Instead, an inert media such as coco, rockwool, or clay pebbles is used to anchor plants in place. Depending on the type of system you use, your plants will be fed a hyper-concentrated nutrient solution directly to their roots.

In DWC systems, plant roots are suspended in nutrient solution at all times, whereas in an ebb and flow system, nutrient solution periodically floods the roots, before draining back out on a cycle.

Then you have hydroponic drip systems, which feed plants from the top down using little emitters - very similar to drip irrigation. A fourth type worth mentioning - that is actually it’s own subset of cultivation - is aeroponics.

This is a bit different from hydroponics, but usually gets lumped into the same category. Here, plant roots are suspended in air, and sprayed with nutrient solution via fine emitters. 

Benefits Of Hydroponics

There is definitely a steep learning curve with hydroponics, but it has plenty of benefits. For one, you are able to supercharge plant growth by dialing in nutrient concentration & uptake.

Because plant roots are so oxygenated - usually with an air stone and pump - plants can uptake nutrients far more efficiently, and thus, grow to their full genetic potential.

Hydroponics is also a style of growing that, once you get the hang of it, can be automated to a certain degree, leaving you with just the two chores of plant training and reservoir management.

With the absence of soil, plants grow cleaner with lower risks in terms of pests & diseases, particularly those that are soil-borne.

If you're new to this style, we encourage you to check out our complete guide to growing hydroponically. It will provide you with everything you need to know to feel confident starting yourself.

Is Growing Organic Hydroponics Plants Actually Possible?

Now, you have a good idea of what growing organically & hydroponically at the same time entails - you simply have to marry the two techniques we described above.

This sounds simple enough, right? 

Well, according to the experts, maybe not. Let’s start with the debate against organic hydroponics.

The Debate Against Organic Hydroponics

The Debate Against Organic Hydroponics

For the most part, there are only two real arguments against this style - the soil dilemma and the availability of nutrients.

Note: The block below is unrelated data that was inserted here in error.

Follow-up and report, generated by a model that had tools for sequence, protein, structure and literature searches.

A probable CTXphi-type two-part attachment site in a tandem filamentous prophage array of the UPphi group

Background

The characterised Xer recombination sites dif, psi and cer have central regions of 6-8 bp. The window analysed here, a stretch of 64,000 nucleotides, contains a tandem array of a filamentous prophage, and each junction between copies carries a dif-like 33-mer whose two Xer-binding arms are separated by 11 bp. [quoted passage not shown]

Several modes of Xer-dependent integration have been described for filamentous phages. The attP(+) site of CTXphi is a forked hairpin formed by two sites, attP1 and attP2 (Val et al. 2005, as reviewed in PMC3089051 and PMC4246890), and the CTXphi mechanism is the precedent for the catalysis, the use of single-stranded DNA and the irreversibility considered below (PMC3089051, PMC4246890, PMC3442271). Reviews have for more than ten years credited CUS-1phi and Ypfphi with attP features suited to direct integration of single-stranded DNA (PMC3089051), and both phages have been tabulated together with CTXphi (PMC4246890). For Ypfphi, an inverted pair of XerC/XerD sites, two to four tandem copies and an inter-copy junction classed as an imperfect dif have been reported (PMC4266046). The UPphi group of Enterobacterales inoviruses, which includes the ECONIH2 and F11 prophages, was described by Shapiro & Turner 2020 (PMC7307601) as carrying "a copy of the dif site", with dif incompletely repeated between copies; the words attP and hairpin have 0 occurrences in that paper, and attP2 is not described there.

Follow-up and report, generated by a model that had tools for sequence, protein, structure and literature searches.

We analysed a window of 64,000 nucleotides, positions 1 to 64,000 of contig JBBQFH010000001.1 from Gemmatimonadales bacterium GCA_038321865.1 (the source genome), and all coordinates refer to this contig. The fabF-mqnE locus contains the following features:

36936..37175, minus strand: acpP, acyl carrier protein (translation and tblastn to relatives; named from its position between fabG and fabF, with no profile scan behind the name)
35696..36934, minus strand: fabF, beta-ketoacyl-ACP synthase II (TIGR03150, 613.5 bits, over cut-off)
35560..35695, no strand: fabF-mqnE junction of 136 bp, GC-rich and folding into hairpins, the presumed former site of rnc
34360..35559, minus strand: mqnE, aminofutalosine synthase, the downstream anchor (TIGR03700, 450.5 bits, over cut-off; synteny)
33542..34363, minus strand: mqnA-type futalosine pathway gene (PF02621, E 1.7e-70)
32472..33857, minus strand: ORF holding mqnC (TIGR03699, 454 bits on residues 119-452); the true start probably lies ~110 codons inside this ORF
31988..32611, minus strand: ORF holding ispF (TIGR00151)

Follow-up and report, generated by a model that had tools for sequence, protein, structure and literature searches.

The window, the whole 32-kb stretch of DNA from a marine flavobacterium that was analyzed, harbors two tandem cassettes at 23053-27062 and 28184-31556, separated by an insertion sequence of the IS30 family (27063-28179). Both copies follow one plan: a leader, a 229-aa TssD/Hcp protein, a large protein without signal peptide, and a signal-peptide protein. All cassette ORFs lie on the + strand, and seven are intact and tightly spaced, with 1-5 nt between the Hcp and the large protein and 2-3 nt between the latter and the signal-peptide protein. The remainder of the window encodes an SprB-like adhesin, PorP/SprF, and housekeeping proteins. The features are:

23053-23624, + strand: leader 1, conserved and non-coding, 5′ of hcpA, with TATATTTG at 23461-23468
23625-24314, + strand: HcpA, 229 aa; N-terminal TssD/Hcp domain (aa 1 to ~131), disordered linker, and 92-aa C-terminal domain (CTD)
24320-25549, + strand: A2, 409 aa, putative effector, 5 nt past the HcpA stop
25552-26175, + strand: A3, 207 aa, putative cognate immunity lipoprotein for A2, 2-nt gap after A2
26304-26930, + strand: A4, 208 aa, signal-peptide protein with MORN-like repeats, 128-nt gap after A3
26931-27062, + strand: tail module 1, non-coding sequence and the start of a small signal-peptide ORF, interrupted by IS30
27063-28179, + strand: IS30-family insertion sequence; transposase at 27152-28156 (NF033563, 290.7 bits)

Some suggest you physically cannot grow organically in these systems due to the thick, clumpy nutrients you’ll have to use. And even if you could - there are no soil-dwelling bacteria to help break down the nutrients, right?

The Soil Dilemma

By far the biggest debate against this style of growing is the absence of soil. One of the key aspects of organic gardening is soil health - and as there is no soil in a hydroponic system, it fails to meet the mainstream definition.

This means the growing environment is incredibly sterile - great for hydroponics, but bad for organic growth, which relies heavily on microbial activity in the soil. With no microbial activity in your hydro system, plants will have a hard time readily taking up nutrients.

Sure, hydroponic growers can make up for this lack of natural microbial activity by feeding organic additives. But it’s tough to attain that same level of microbial life in a hydroponic system no matter how you shake it.

Organic Nutrients Are Too Thick For Hydroponic Systems

The other main reason organic hydroponic grows have failed in the past, and thus, get a bad name, is because of the thick, clumpy nature of organic plant fertilizers.

Because natural nutes aren’t fully soluble, they can easily clog up systems. This will lead to an accumulation/film of nutrients throughout your lines too, which creates problems with nutrient uniformity throughout the system.

Aside from the thick base nutrients themselves, you’ll also be dealing with sticky additives like sugars, molasses, microbes, etc.

With that said, this is a pretty minor complaint. If you really want to grow hydroponically and organically at the same time, it's not too much work to clean your system on a weekly basis to prevent this build up and scaling.

Nutrient Buildup Leads To Increase In Anaerobic Conditions

Over time, the nutrient build up leads to a decrease in aerobic conditions in your reservoir. This means oxygen is less available.

Two things will occur as a result of this - your roots will begin drowning without ample oxygen, and the likelihood for pathogen colonization in your system increases.